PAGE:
Ian is an Entrepreneurial Geek, 30-late-ish, living in London (after 10 years in Brighton and a year in Latin America).
Ian is the owner of an Artificial Intelligence consultancy and author of ‘The Artificial Intelligence Cookbook’which teaches you how to add clever algorithms to your software to make it smarter! One of his mobile products is SocialTies (built with RadicalRobot).
Follow Peadar’s series of interviews with data scientists here.
What project have you worked on do you wish you could go back to, and do better?
My most frustrating project was (thankfully) many years ago. A client gave me a classification task for a large number of ecommerce products involving NLP. We defined an early task to derisk the project and the client provided representative data, according to the specification that I’d laid out. I built a set of classifiers that performed as well as a human and we felt that the project was derisked sufficiently to push on. Upon receiving the next data set I threw up my arms in horror – as a human I couldn’t solve the task on this new, very messy data – I couldn’t imagine how the machine would solve it. The client explained that they wanted the first task to succeed so they gave me the best data they could find and since we’d solved that problem, now I could work on the harder stuff. I tried my best to explain the requirements of the derisking project but fear I didn’t give a deep enough explanation to why I needed fully-representative dirty data rather than cherry-picked good data. After this I got *really* tough when explaining the needs for a derisking phase.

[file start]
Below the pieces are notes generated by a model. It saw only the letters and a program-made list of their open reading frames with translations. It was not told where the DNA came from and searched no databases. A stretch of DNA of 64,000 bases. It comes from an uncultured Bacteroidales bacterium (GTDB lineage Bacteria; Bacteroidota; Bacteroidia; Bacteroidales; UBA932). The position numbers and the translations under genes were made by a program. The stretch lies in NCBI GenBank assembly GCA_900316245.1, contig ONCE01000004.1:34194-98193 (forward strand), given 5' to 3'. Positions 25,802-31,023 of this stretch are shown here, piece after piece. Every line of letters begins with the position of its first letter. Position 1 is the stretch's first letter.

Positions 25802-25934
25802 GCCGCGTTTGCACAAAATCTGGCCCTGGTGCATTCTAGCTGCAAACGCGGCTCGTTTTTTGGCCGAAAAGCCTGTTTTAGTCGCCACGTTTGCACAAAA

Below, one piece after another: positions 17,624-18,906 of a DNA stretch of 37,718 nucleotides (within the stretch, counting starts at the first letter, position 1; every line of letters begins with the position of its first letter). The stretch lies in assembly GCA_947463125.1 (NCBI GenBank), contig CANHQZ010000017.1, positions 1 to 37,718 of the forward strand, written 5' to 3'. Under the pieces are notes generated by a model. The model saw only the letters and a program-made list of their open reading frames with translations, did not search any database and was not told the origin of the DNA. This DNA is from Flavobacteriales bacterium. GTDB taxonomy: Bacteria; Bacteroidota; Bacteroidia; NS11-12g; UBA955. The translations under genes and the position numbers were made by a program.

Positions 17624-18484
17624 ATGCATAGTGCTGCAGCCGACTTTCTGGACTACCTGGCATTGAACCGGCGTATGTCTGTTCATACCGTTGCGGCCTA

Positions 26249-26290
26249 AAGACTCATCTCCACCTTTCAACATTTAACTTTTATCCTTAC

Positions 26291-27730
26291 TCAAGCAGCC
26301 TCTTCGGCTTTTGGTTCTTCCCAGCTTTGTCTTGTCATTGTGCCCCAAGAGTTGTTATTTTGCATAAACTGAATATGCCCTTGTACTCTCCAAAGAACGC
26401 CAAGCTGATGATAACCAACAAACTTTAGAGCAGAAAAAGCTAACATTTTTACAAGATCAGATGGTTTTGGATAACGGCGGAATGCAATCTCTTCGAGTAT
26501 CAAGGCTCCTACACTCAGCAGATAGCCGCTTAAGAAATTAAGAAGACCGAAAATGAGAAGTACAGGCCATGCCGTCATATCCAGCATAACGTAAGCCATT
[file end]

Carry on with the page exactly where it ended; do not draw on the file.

What advice do you have to younger analytics professionals and in particular PhD students in the Sciences?
You probably want an equal understanding of statistics, linear algebra and engineering, with multiple platforms and languages plus visualisation skills. You probably want 5+ years experience in each industrial domain you’ll work in. None of this however is realistic. Instead focus on some areas that interest you and that pay well-enough and deepen your skills so that you’re valuable. Next go to open source conferences and speak, talk at meetups and generally try to share your knowledge – this is a great way of firming up all the dodgy corners of your knowledge. By speaking at open source events you’ll be contributing back to the ecosystem that’s provided you with lots of high quality free tools. For me I speak, teach and keynote at conferences like PyDatas, PyCons, EuroSciPys and EuroPythons around the world and co-run London’s most active data community at PyDataLondon. Also get involved in supporting the projects you use – by answering questions and submitting new code you’ll massively improve the quality of your knowledge.